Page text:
What we do

The Cornell Center on the Death Penalty Worldwide provides transparent data on death penalty laws and practices around the world, publishes reports and manuals on issues of practical relevance to lawyers, judges, and policymakers, trains lawyers in best practices, and engages in targeted advocacy and litigation. Its staff and faculty advisors have collectively spent more than eight decades representing hundreds of prisoners facing the death penalty, and their research has informed legal reform and public policy in countries around the world. Clinical Professor Sandra Babcock and Executive Director Delphine Lourtau created the foundation for the Center’s work by establishing the Death Penalty Worldwide database in 2011. Five years later, with donor support, they launched the Cornell Center on the Death Penalty Worldwide. The Center has gained a reputation for providing comparative legal analysis of the application of the death penalty, as well as for its one-of-a-kind Makwanyane Institute for capital defenders. Center staff and associated faculty continue to defend persons facing the death penalty around the world, with a combined caseload of dozens of death row prisoners. Students play a major role in our advocacy efforts through Professor Babcock’s International Human Rights Clinic. Generations of Cornell undergraduates and law students have contributed to our research, training, and individual case representation.

Increasing Transparency on Death Penalty Practices

We believe that access to current and accurate information on death penalty practices is vital to inform policy decisions and legal analysis relating to capital punishment. The Database is the centerpiece of our research mandate, providing quick access to data on the practices and laws of individual countries. It permits users to search across jurisdictions to compare state practice in a wide variety of areas and to confront those practices with international human rights standards. The Database’s advanced search capabilities, which are unique among human rights databases, allow users to combine different variables and find answers in a matter of seconds. In addition, we publish thematic reports and manuals designed to assist lawyers, government actors, courts, and civil society in navigating death penalty advocacy and research.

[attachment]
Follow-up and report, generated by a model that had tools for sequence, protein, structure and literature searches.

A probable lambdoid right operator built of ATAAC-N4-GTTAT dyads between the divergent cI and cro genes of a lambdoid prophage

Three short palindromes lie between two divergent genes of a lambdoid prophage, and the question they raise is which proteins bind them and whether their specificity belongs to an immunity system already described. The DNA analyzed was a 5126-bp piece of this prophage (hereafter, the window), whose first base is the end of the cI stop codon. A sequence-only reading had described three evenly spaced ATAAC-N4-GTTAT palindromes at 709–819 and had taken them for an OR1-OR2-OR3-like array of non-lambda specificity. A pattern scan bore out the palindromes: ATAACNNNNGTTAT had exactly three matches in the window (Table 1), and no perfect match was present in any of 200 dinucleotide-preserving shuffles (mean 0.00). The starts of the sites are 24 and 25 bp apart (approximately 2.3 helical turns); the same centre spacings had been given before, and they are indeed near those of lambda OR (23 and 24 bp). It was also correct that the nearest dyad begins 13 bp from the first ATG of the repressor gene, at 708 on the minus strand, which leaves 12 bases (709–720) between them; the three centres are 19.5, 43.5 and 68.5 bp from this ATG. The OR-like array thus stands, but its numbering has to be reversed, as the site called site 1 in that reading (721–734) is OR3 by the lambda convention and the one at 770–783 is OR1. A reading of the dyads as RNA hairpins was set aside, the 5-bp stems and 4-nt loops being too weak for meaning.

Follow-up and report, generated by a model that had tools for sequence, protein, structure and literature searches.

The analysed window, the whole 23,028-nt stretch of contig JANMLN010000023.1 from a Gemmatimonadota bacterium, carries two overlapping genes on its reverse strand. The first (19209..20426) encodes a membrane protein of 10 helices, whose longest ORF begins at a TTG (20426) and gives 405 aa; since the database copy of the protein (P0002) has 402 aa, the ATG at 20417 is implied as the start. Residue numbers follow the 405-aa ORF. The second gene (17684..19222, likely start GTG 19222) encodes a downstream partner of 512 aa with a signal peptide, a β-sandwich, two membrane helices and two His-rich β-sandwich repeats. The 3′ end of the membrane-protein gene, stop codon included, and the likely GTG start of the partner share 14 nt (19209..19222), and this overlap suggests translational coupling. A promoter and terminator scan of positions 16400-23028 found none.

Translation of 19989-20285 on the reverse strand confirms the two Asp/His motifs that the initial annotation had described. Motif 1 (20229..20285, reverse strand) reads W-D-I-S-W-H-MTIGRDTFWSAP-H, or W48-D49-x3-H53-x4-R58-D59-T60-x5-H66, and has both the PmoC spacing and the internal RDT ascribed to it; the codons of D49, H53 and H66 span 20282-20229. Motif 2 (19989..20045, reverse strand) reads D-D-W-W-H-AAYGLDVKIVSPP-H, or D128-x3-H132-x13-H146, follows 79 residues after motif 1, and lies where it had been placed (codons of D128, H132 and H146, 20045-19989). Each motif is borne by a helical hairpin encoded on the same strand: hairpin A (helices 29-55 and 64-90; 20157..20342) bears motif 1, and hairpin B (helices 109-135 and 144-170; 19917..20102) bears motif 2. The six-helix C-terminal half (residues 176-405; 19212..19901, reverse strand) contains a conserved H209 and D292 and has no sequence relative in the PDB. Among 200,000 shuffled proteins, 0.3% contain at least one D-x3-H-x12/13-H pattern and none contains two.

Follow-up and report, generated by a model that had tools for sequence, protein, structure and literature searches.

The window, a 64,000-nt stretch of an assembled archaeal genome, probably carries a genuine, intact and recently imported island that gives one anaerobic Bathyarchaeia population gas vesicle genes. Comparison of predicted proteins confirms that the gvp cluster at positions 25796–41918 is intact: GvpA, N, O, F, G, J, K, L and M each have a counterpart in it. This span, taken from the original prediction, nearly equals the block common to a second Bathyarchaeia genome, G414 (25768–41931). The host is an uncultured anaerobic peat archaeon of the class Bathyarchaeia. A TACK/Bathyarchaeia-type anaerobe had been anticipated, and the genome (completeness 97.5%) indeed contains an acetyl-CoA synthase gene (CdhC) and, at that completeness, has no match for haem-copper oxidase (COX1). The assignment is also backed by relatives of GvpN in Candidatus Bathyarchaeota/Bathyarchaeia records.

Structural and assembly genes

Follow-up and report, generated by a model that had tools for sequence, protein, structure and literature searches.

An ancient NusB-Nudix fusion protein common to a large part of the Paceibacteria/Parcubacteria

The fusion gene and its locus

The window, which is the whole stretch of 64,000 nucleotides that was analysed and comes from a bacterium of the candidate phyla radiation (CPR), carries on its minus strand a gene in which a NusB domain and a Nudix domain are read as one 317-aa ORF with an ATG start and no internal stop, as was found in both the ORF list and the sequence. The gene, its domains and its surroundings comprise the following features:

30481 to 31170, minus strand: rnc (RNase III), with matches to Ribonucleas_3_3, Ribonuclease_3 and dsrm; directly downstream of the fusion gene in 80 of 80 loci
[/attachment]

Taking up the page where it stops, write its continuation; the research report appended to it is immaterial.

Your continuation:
Advocating on Behalf of Women and Men Facing the Death Penalty

Our Center’s strength derives from its combination of research and advocacy. Our advocacy is strengthened by our research, and our practical experience informs our research agenda. Advocacy on behalf of death row prisoners not only benefits individual clients, but develops precedent to advance human rights. Through our Africa Appeals project, the Center works with law students from the Cornell International Human Rights Clinic, as well as in-country partners, to provide legal assistance to death row prisoners in Malawi, Tanzania, and elsewhere. Our Alice Project, which is the first global project to focus on women facing capital punishment, examines the role of gender in death penalty cases. By representing women before national and international tribunals, organizing judicial trainings, and through data collection and analysis, we are exposing the connection between gender-based discrimination and capital sentencing.

Training New Generations of Lawyers Around the World

The Center is invested in developing a global network of individuals working to promote international human rights standards in the use of capital punishment. Fellows, trainers, and experts from past Makwanyane Institutes form the Makwanyane Defenders network, which provides a platform for the exchange of ideas, strategies, and mutual support. The Alice Network brings together death penalty abolitionists and gender rights organizations striving to obtain redress for women and gender-non-conforming individuals facing the death penalty. The Mental Health Working Group combines the cross-disciplinary expertise of legal and mental health professionals to develop a set of best practices for mental health assessment in capital cases.